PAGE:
Metepec is a city and municipality in the State of Mexico in Mexico and is located directly to the east of the state capital, Toluca, at an altitude of 2,635 metres (8,645 ft) above sea level.
Due to its altitude, average temperatures here vary between 14 and 30 °C with cold spells down to -5 °C that can occur as late as March or April.
The name Metepec comes from Náhuatl meaning hill of the maguey plants.
However, it is also known in the Matlatzinca language as “Nepinta-Tuhi” meaning ‘people of corn land’ and in the Otomi language as “Ntaguada”.
According to INEGI 2005 census figures, the city had a population of 164,182, while the municipality had a population of 206,005 inhabitants.
The municipality covers an area of 70.43 km² (27.19 sq mi) and includes several smaller communities besides Metepec.
Most commercial activity occurs in the city of Metepec proper and has grown considerably in the past years, along with its population.
During the Spanish Conquest, Gonzálo de Sandoval and his Otomi allies, conquered Toluca, Tenango, Tlacotepec, Tecaxic-Calixtlahuaca, Calimaya along with Metepec and other Matlatzinca and Mexica population centers, whose lands were then abandoned by the natives.
These lands were then redistributed among the Spaniards who participated in the Conquest and to those local chiefs that supported the Spanish.
Lands in and around Metepec were given to Captain Juan Gutiérrez Altamirano, who brought the Franciscans in to evangelize the area, and then these lands passed on to form the estates of the Counts of Santiago.
The area was considered an “alcaldía mayor” (literally ‘major mayorship’) by 1560 with the village of Metepec as its seat.
Records of municipal government transactions begin in the 19th century.
Finally, the municipality of Metepec was created in 1821; although this was not ratified by the government of the State of Mexico until 1827.
The city centre lies at the foot of the hill that gives the city and municipality its name.
There has been a community here since the Otomis and Matlatzincas settled in this part of the Valley of Toluca: the Matlatzincas reached their cultural peak between AD 1120 and 1450 as part of the Teotihuacan culture.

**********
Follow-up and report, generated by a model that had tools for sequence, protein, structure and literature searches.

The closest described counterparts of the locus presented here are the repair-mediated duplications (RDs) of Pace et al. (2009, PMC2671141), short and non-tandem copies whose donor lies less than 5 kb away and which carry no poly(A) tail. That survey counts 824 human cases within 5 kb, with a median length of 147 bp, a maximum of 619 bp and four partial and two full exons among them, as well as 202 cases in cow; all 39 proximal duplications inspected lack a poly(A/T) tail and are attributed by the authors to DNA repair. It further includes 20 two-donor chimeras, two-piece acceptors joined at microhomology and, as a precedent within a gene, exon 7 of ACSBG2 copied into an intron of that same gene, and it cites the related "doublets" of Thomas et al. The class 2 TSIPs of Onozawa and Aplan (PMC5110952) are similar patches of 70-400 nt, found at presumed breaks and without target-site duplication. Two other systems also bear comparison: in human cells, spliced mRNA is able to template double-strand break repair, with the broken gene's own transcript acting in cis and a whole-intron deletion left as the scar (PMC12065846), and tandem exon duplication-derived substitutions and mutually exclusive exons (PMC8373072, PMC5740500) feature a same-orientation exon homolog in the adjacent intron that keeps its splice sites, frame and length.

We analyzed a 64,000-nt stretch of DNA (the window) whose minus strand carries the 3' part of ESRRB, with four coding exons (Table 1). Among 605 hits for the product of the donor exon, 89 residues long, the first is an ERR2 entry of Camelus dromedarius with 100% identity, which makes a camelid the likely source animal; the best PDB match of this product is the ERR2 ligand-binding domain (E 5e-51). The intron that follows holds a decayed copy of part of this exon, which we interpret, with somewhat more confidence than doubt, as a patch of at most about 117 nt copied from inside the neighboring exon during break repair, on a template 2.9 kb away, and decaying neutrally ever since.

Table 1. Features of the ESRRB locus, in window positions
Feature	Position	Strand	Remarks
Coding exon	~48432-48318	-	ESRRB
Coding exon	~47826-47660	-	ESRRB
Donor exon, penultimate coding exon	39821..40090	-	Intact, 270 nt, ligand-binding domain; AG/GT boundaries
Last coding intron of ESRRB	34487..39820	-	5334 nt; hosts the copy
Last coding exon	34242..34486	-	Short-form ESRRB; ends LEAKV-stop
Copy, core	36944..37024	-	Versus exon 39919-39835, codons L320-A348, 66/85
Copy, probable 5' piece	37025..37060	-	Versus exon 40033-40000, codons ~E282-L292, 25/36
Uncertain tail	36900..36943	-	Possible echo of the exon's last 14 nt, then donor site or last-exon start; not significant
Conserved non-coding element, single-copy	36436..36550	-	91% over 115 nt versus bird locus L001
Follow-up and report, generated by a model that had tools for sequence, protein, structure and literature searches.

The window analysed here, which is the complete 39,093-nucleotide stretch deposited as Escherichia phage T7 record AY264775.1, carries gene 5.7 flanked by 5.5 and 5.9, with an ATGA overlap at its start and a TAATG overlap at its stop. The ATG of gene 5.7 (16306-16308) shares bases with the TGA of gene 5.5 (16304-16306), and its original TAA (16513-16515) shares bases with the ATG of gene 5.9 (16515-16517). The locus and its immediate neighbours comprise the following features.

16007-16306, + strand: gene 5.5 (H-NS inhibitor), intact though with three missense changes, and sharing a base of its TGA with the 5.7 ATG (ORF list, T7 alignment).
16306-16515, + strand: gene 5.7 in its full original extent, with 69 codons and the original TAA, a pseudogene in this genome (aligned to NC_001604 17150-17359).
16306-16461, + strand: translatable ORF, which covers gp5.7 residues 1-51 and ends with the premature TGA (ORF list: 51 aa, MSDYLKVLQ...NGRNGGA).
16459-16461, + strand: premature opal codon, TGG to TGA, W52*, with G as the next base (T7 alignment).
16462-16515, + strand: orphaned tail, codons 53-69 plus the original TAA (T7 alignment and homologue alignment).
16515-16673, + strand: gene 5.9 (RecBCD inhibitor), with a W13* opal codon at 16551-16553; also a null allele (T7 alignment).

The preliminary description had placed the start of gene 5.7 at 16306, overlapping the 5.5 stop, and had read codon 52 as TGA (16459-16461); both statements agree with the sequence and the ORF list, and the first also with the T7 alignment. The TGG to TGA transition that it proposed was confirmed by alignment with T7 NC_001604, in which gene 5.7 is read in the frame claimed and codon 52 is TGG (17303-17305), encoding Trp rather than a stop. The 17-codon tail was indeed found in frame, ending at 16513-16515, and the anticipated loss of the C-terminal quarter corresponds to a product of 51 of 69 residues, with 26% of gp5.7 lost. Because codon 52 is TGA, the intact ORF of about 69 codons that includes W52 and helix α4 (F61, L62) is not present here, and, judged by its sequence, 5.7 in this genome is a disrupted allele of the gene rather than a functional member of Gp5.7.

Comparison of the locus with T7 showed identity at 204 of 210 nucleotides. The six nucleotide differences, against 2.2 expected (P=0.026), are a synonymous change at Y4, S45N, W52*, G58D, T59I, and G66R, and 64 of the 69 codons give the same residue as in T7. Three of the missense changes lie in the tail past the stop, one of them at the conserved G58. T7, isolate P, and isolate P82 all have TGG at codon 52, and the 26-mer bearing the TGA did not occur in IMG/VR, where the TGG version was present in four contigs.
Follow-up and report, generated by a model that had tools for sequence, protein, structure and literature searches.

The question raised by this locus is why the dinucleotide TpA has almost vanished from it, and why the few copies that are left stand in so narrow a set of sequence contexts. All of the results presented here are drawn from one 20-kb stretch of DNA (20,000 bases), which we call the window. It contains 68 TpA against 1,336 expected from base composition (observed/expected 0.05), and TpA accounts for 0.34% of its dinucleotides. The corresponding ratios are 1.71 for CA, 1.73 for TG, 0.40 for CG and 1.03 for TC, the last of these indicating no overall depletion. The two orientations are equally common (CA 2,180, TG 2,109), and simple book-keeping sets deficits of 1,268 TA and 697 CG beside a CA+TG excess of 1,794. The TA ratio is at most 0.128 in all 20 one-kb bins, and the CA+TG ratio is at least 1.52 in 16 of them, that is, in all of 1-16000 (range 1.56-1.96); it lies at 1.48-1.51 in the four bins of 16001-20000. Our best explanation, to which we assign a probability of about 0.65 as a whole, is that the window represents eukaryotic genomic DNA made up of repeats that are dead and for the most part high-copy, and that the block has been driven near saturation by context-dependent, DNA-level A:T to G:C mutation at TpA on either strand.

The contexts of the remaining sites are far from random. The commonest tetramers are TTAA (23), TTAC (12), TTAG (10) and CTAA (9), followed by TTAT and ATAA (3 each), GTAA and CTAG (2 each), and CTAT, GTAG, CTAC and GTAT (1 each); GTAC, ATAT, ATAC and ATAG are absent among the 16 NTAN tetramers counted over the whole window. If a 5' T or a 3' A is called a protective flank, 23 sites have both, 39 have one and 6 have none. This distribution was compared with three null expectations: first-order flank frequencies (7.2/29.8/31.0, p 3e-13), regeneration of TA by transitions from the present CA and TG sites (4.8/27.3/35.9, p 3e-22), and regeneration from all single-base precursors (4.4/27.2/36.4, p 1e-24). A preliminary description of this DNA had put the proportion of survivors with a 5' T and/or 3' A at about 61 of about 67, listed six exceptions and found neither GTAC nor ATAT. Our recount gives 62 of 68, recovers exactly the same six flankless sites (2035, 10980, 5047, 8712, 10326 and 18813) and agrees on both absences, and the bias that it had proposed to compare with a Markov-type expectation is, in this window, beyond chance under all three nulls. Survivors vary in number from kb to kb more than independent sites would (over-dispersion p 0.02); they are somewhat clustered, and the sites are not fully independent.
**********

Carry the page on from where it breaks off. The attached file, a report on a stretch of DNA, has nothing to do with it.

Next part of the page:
The Aztecs conquered this community, along with the rest of the area by AD 1470 by the tlatoani (chief) named Axáyacatl.
The Spanish arrived here in AD 1526 obliterating native rites that were practiced on the “maguey hill” and built a church there, now-called the Ex-convento de San Juan, renaming the area San Juan Bautista Metepec.
According to the Codex of Metepec the Spanish town was founded in the same year.
The Ex-convento de San Juan is the main religious structure in the town and dates from the 16th century; however, other churches worth visiting include Las Capillas de El Calvario, La Santa Cruz, del Espíritu Santo, San Bartolomé, de San Salvador, de Santa María Magdalena and la Parroquia de San Mateo.
The Cerro de Maguey (Maguey Hill) has a number of small caves with names like “La cueva del diablo” (The Devil’s Cave) that can be explored.
The 24th of June is the feast day of Metepec’s patron saint, John the Baptist.
Additionally, since 1990 the city has an international arts and culture festival called Quimera, which occurs in October.
While most of the food in Metepec is typical of the region (with dishes such as barbacoa, tamales, and huaraches) it does have a unique drink called “Garañona”.
It is made from 15 herbs and is a strong, sweet drink. Some locals say it is an aphrodisiac.
The only place that sells and distributes this drink is a bar called the “2 de Abril”, located in the city centre.
Metepec is known for its pottery items and it is still of economic importance.
Principal crafts include objects made from clay, glass and includes saddlemaking.
The city has about 300 craftsmen as well as 275 family workshops.
The craft Metepec is best known for is the Arbol de la vida (“Tree of Life”) which is a traditional pottery representation of the tree from which Adam and Eve ate in the Biblical story.
Monday is market day in the city centre, called plaza, where merchants go to sell fruit, vegetables and even a few electronic items.
The original village of Metepec regards the Tree of Life as representative of this municipality and some local workshops still produce this brightly painted pottery artifact.
The album cover of the Beatles’ 1967 record Sgt. Pepper’s Lonely Hearts Club Band features a Metepec Tree of Life.
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Or dial the toll-free (in Mexico) number 01-800-006-8839.
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